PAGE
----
Reforms in 8 Areas
BEIJING, October 24, 2019 – China joined the ranks of the world’s top ten most improved economies for ease of doing business for the second year in a row thanks to a robust reform agenda, the World Bank Group’s Doing Business 2020 study says.
China carried out a record eight business reforms during the 12 months to May 1 and ranks 31st globally on the ease of doing business rankings with a score of 77.9 out of 100.
“China has undertaken substantial efforts to improve the domestic business climate for small and medium-size enterprises, maintaining an active pace of reforms,” said Martin Raiser, World Bank Country Director for China. “Laudable progress has been achieved on a number of Doing Business indicators, particularly in the area of construction permitting.”
Highlights of China’s reforms include:
- Fully integrating issuance of company seals into a business registration one-stop shop.
- Simplifying the building permits requirements for low-risk construction projects and reducing the time to get water and drainage connections.
- Streamlining the process of obtaining an electrical connection and increasing the transparency of electricity tariff changes.
- Strengthening the protection of minority investors by imposing liability on controlling shareholders for unfair related-party transactions and clarifying ownership and control structures.
- Implementing a preferential corporate income tax rate for small enterprises, reducing the value added tax rate for certain industries and enhancing the electronic filing and payment system.
- Simplifying exporting and importing by implementing advance cargo declaration, upgrading port infrastructure, optimizing customs administration and publishing fee schedules.
- Making contract enforcement easier by regulating the maximum number of adjournments that can be granted and limiting adjournments to unforeseen and exceptional circumstances.
- Making resolving insolvency easier by providing rules for post-commencement credit priority and increasing the participation of creditors in insolvency proceedings.
China made noteworthy improvements in the process of construction permitting, which helped the economy improve its global rank on this indicator. It now takes 111 days to undertake building permitting procedures in China, and the economy receives a perfect score of 15 in the quality index of the indicator, compared to the region’s average of 132 days and 9.4 points respectively.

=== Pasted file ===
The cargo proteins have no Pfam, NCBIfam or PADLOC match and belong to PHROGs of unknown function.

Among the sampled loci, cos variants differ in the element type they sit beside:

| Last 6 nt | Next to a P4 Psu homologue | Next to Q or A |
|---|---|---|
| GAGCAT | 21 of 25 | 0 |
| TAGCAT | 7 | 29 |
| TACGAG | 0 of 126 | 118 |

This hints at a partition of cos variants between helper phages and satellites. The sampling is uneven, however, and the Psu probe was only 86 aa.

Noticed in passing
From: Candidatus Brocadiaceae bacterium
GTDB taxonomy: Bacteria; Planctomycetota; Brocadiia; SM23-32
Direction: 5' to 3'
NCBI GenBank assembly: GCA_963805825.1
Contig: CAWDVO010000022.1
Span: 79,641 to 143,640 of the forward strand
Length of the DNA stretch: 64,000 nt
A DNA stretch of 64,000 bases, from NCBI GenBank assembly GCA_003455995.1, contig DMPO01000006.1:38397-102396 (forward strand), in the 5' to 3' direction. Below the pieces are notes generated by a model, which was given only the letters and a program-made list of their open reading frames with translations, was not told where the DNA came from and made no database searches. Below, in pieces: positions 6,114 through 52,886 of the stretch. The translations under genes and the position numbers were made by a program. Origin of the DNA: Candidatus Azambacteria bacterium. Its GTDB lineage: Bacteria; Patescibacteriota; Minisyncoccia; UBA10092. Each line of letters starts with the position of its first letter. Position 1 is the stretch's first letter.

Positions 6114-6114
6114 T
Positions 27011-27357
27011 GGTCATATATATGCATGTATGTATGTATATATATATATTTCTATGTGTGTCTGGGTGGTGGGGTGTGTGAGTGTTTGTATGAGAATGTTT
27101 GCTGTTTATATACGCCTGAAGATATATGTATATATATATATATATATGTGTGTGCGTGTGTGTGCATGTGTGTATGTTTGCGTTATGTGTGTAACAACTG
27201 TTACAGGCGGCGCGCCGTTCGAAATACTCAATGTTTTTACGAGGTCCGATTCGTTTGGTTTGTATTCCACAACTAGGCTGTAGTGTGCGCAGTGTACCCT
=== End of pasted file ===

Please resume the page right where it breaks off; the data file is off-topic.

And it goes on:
China’s strengthening of minority investor protection mechanisms moved the economy to the 28th spot worldwide, above the regional average of 99th and the OECD high-income economies’ average of 46th.
China’s recent reforms secured the country’s place among the most efficient economies on contract enforcement. A local entrepreneur spends on average 496 days and 16.2% of the claim value to resolve a commercial dispute, faster and less expensive than the regional average. China improved the quality of judicial administration, and it now scores 17 out of 18 on this index. No economy in the world scores better.
Building on reforms last year, China now ranks 12th globally in getting electricity and performs significantly better than the rest of the region. Chinese businesses must complete two steps and spend 32 days to obtain a connection, half the regional averages of 4.2 procedures and 63 days.
While there has been substantial progress, China still lags in areas such as paying taxes (105), getting credit (80), and trading across borders (56). It takes 21 hours and costs US$ 256 when exporting to comply with the border requirements, longer and more expensive than among OECD high-income economies. And a Chinese company must spend an average of 138 hours per year complying with fiscal requirements, compared to 64 hours in Singapore.
The full study and its datasets are available at www.doingbusiness.org